Larry Bache will host a livestream on The Myths and Reality of Coronavirus Coverage at 11:00 am EDT. (Click on link to join the livestream:

Anderson Kil attorney Finley Harckam is an excellent speaker and noted business interruption specialist. I would suggest that those considering coverage read his article, Insurance Coverage For Perils Created By The Coronavirus Pandemic. I think he highlights the fights we should expect in these coverage cases when he states the following:

While some or all of these coverages may be available for coronavirus- related losses, a variety of defenses may allow insurers to avoid, or limit, payment. First, some policies contain broad exclusions of damage caused by biological agents. Those exclusions may be found either in stand-alone provisions or be incorporated into exclusions for Pollution or Contamination….. Second, many policies contain sub-limits for some of the coverages discussed above, have waiting periods before the coverage is triggered, or both. Third, even if the presence of coronavirus is considered property damage, most time element coverages insure only the period of time needed to repair the damaged property. Insurers will argue that the virus exists for only a very short period in the air or on surfaces, and that a quick cleaning is all that is needed to eliminate it and thereby restore the property. Depending upon the circumstances of a particular loss, this argument could result in a very limited period of recovery. However, if the virus persists in people in an area recontamination is possible, which would extend the period of coverage. And as discussed above, many policies provide extended period of interruption coverage which would apply to losses incurred after the property damage has been remedied.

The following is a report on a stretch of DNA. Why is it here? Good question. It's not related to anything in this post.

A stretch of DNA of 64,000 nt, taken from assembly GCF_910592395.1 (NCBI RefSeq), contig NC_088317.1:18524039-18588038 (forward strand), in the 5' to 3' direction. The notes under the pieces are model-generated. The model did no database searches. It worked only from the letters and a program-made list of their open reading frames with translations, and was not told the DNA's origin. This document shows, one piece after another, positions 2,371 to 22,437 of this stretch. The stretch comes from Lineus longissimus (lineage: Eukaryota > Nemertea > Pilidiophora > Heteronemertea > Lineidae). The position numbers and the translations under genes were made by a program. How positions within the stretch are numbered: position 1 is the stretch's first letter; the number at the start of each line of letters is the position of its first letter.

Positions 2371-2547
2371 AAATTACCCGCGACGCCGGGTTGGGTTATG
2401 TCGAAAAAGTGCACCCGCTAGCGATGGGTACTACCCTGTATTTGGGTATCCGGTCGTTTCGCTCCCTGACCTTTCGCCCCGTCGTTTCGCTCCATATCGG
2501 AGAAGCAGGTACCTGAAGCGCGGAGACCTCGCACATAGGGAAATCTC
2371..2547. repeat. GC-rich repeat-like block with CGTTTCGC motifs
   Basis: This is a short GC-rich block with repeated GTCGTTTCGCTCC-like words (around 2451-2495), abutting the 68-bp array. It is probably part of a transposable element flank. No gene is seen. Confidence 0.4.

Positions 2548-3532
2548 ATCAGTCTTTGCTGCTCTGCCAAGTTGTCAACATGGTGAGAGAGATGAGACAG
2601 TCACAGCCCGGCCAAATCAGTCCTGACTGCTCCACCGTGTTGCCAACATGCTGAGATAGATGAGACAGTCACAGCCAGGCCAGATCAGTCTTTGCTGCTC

Further, in many instances there will be a disagreement over whether a business was closed or access was denied because of actual property damage, or as a purely prophylactic measure to prevent the spread of the disease, which the insurers will argue is not covered. To that point, the Insurance Services Office (“ISO”), an organization that drafts standard form policy provisions for the insurance industry, recently announced that has prepared forms which provide limited coverage grants for situations like the coronavirus pandemic, which, if incorporated into policies, will provide some coverage for purely preventive closures. Unfortunately, such provisions will not apply retroactively, and will likely be prohibitively expensive if marketed during the current crisis.

Finally, Bill Wilson published another post where he believes a policy may provide coverage in: Does THIS Policy Cover Business Income Losses Due to the Coronavirus Pandemic?

Thought For A Tuesday

You may have heard of Black Friday and Cyber Monday. There’s another day you might want to know about: Giving Tuesday. The idea is pretty straightforward. On the Tuesday after Thanksgiving, shoppers take a break from their gift-buying and donate what they can to charity.
—Bill Gates